Kim Thoman has been exhibiting nationally for more than 35 years. She has art degrees from the University of California at Berkeley and San Francisco State University and was an art professor in the Peralta Community College District for over 30 years. Selected grants include the Helene Wurlitzer Foundation of Taos, New Mexico, Vermont Studio Center Residency Grant and Robert Rauschenberg Foundation Change Grant.
A native of Lincoln, Nebraska, Kim Thoman’s interest in art showed up at an early age. This inclination led her to study ceramics at the University of California, Davis, then to UC Berkeley, where she studied painting and drawing. Graduate work culminated in an MFA in ceramic sculpture in 1979. Today, Thoman paints and makes steel wall sculptures and Embellished Paintings that combine her paintings and steel sculpture.
In a time when there is so much conflict in the world, Kim Thoman finds beauty in opposition. “I am always aware that duality exists in everything,” she explains. “Opposing forces inform the world around me—intellect and intuition, male and female, stillness and movement, body and soul, light and dark, the organized and chaotic, and of course, life and death. I strive to bring these dualities into balance, to present a ‘truth’ by showing its opposing energies.”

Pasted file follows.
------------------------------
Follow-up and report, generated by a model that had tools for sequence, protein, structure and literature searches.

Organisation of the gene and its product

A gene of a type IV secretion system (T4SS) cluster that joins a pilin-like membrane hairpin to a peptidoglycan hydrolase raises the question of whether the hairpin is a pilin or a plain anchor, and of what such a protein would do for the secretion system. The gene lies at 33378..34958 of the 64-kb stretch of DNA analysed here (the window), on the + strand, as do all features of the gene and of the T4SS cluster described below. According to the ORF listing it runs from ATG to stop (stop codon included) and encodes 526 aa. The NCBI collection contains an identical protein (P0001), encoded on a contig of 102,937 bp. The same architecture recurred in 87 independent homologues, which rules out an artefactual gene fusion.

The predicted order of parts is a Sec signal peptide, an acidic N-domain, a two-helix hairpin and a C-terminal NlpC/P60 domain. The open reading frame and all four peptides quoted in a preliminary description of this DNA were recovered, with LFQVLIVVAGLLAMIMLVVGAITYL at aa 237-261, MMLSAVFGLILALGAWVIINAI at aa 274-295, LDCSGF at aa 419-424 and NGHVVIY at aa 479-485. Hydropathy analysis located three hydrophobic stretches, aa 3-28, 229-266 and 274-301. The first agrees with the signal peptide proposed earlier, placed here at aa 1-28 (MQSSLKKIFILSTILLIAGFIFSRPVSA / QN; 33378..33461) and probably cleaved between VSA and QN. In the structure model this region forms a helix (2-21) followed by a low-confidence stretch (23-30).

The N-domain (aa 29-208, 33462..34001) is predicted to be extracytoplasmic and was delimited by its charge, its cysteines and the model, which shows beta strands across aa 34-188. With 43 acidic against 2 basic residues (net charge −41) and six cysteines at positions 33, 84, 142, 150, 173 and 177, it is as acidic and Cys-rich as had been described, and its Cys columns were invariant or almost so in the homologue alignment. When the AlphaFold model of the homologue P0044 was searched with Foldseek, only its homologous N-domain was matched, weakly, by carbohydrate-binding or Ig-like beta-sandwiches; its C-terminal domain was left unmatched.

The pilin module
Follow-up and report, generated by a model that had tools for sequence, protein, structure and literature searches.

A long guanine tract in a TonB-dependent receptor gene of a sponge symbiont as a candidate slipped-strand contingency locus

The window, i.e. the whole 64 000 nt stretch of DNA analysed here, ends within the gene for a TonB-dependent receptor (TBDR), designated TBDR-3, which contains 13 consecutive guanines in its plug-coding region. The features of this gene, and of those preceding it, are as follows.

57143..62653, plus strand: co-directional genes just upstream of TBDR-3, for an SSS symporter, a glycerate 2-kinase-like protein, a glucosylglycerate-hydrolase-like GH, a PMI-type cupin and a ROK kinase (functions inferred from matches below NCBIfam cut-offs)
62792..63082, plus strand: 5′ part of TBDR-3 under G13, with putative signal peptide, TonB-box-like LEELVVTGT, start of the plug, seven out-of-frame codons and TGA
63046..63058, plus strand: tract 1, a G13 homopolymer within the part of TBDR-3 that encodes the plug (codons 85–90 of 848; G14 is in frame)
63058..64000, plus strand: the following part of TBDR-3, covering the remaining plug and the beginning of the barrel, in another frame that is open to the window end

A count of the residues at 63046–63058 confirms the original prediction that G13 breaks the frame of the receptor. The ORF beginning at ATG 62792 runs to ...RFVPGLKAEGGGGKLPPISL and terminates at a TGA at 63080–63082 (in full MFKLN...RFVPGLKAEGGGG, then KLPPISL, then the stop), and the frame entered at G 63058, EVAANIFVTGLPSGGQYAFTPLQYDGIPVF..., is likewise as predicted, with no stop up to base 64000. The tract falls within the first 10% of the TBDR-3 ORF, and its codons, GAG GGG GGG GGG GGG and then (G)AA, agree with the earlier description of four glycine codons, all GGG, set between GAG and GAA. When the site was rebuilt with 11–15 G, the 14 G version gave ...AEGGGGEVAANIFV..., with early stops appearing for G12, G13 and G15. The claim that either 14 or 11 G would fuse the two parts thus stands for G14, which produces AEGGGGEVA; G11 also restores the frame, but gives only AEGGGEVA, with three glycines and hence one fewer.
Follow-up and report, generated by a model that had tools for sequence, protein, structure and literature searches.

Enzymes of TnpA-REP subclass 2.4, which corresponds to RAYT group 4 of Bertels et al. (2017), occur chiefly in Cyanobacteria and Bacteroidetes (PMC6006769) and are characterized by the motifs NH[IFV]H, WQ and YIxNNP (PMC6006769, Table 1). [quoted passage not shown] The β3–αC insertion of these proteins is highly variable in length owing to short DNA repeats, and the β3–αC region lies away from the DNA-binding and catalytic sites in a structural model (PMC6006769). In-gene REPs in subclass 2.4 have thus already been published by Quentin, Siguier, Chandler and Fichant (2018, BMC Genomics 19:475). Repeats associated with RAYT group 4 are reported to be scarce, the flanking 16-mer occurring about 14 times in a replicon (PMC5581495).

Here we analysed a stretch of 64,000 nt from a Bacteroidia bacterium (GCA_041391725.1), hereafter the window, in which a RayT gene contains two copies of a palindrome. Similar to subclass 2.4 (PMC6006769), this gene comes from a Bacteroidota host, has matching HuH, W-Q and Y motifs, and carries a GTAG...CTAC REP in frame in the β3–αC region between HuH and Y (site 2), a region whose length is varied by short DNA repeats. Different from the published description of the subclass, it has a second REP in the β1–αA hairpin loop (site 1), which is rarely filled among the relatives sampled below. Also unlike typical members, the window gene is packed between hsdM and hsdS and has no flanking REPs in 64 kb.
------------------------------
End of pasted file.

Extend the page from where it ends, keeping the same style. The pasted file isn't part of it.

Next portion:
In the words of art critic Peter Frank…“If we can take away a moral and social lesson from Kim Thoman’s oeuvre, it is that conflict resolution lies within each of us…Thoman doesn’t resolve conflicts, but reveals their superficiality. At heart, everything is in union.”
“I feel extremely lucky to be creative and I require myself to learn from my creativity,” Thoman says, reflecting on her mission as an artist. “While I work abstractly, images from nature quite often hatch out—tree branches, leaves, sometimes petals of flowers or a horizon line and clouds. My work teaches me about my connection to nature. For me, the practical application of duality requires that I live a life that takes into account ‘the other’ in hope of greater appreciation for and acceptance of diversity and differences among us. Whether any sliver of this seeps into the hearts and minds of my viewers—well, I should be so lucky!”
Kim’s work is represented in Arizona by Wilde Meyer Galleries. Click on any piece to enlarge it.